The next morning, we woke up inside a volcano. The Neptune was encircled by shattered fragments of the ancient island of Thera. The largest of these islands was Santorini, thought by some to have been home to the city of Atlantis. The ship felt very small riding in the center of this vast broken soup bowl. The crew helped us into tenders, that, tilting and bouncing on the waves, somehow got us to the island, where we climbed onto a waiting bus for the ride of our lives. During the night, the sea had been rough, so Sherrill had doped herself on Dramamine. Lucky her.
"The driver doesn't want to die," Sherrill would have told me, if she'd been conscious. She always did.
Finally, still breathing, we reached the white and blue town at the top of the cliffs. Continuing across the top of the island, past orchards of silvery-green olive trees, we eventually saw the remains of the Minoan city of Akrotiri sprawled beneath protective canopies. Walking along ancient streets between houses and shops still being excavated, many as tall as three stories, walls decorated with frescoes visible again after four thousand years smothered in ash, we could imagine the people and families who lived here and their horror when the mountain they lived on destroyed itself.
History and fun and games: the Neptune's staff kept them alternating so no one could be bored. Daily lectures on upcoming sites, morning gymnastics, Greek dancing lessons, music and dancing most evenings, a Greek Night show with entertainment by the crew, and more. Every time I walked into the dining room with Simone and Sherrill I felt privileged. On costume night, Simone disguised herself as a ship's waiter, including red vest and black moustache.
One lesson of this trip was that civilizations come and go. Some people believe that survivors from Akrotiri reached the island of Crete to the south. Whether that's true or not, we were impressed by the partially restored palace complex at Knossos with its confusing maze of rooms. The ancient city may have lasted for two thousand years, but in the end it collapsed, probably after a series of earthquakes.
Nothing is forever even though we tell ourselves that it is, will be, can be. We pretend it is, but know it's not. The people in our lives aren't forever, either. They change, become somebody else, turn into memories.
"There used to be this little girl who lived with us," Sherrill once said to me. "She was a cute little thing, but she's gone away and instead we have this young woman that we love, but I miss that little girl, too. Why can't we have both?"
She was right, of course. We never can keep anyone. It's as if all of us are made of smoke. It was strange, hearing Sherrill talk like this. She was so practical, the sensible one of the two of us. I'd always been aware that a lot went on in her head, but usually she was private about her thoughts.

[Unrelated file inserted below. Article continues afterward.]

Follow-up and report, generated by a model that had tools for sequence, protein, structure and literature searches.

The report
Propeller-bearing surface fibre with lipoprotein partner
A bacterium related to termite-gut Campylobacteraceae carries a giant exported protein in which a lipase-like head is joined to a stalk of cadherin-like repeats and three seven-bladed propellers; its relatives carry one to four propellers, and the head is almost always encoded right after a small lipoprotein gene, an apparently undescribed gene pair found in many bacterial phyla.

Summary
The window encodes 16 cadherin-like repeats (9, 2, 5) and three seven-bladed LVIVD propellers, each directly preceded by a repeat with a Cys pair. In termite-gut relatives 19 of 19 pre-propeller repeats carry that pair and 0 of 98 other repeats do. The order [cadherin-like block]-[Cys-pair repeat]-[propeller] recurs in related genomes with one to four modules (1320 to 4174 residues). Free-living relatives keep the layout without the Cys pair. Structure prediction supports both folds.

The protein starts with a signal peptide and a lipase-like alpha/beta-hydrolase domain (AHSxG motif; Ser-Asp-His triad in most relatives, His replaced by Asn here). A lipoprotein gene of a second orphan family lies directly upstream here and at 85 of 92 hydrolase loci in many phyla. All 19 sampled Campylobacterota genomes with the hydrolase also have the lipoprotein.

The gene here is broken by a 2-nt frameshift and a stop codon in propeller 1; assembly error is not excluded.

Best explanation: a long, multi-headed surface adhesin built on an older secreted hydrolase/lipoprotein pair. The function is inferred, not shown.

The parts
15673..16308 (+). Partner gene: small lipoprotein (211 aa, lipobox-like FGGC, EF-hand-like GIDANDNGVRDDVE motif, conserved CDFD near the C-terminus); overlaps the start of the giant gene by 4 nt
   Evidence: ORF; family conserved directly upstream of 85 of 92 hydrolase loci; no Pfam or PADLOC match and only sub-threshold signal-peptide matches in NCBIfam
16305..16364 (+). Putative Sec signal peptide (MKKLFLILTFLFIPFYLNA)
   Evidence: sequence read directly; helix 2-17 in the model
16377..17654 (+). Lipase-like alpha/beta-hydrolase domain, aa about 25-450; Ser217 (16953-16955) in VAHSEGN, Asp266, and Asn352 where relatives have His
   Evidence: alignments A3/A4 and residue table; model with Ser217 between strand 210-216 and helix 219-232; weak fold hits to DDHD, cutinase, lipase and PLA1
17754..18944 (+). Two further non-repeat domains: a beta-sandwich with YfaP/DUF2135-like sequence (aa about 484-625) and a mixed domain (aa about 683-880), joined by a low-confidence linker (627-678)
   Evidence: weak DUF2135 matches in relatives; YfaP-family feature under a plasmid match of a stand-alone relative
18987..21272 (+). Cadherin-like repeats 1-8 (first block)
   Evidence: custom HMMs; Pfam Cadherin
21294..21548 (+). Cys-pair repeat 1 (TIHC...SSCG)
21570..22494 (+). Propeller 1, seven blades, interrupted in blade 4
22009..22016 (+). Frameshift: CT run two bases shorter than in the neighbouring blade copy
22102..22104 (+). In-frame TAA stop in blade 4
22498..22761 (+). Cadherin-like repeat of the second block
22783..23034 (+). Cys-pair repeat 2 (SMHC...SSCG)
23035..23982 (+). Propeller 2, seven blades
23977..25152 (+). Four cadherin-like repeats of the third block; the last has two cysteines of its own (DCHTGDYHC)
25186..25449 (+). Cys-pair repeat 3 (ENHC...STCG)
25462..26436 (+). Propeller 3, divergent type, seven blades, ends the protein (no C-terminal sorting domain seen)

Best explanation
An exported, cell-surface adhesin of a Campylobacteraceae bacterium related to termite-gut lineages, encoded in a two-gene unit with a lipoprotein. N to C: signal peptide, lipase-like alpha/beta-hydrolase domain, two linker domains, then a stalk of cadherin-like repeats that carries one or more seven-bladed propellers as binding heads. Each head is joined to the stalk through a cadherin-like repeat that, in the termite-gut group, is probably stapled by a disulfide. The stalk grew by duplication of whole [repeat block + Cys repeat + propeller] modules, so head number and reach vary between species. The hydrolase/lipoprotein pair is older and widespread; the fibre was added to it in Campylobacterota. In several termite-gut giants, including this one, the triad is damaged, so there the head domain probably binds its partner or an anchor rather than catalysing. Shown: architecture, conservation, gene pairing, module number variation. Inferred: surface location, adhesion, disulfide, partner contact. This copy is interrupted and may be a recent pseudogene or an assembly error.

I think we both felt the same thing years later whenever we looked at our handsome grandson and remembered that this brilliant grown man living his own life once had been a lively toddler. The process, of course, was gradual, but inevitably we'd be startled by the sudden realization. Now that Sherrill is gone, I find myself caught between past and present in a different way. It's sad but also, in its way, appropriate that time refuses to stand still—nor, when we think about it, would we want it to be frozen. Happiness has its bittersweet moments, too, as life gives with one hand and at the same time takes away with the other.
Back on the mainland, after saying goodbye to the Neptune at Piraeus, we rode through the Greek countryside, past more silvery olive groves, to Delphi, home of the notorious oracle. There, people came from around the Mediterranean to see the eternal flame in Apollo's temple, to watch the sacred games (almost as popular as those at Olympia) every four years, and to hear the priestess predict the future through her trance. Even before this, the mother goddess Gaia was worshiped there. Walking among the partially restored buildings, I remembered when I talked with a carnival fortune teller when I was a boy. I wanted to believe in her power, but as she tried to extract bits of information from me to add plausibility to her words, I realized that she was as much of a fake as the others.
Epidaurus, home of Greek drama, with its two thousand year-old theatre, was solidly real, though. Perhaps the most impressive site, however, was the complex at Mycenae, with the imposing Lion Gate and royal tombs shaped like enormous stone beehives. Although excavations were still in progress, we felt as if we'd fallen backward through time into the world Homer described in The Iliad and The Odyssey.
Athens, ancient and modern, brought our adventure to a sedate close, leading us from restaurants in the old Plaka district to the wonders at the Archeological Museum, from the Theatre of Dionysus to the Parthenon and other treasures on the Acropolis. I don't need to describe these places, but being there, experiencing the feeling of history and past lives, did stir something in us. Nothing is forever, but does that necessarily matter?
To be continued....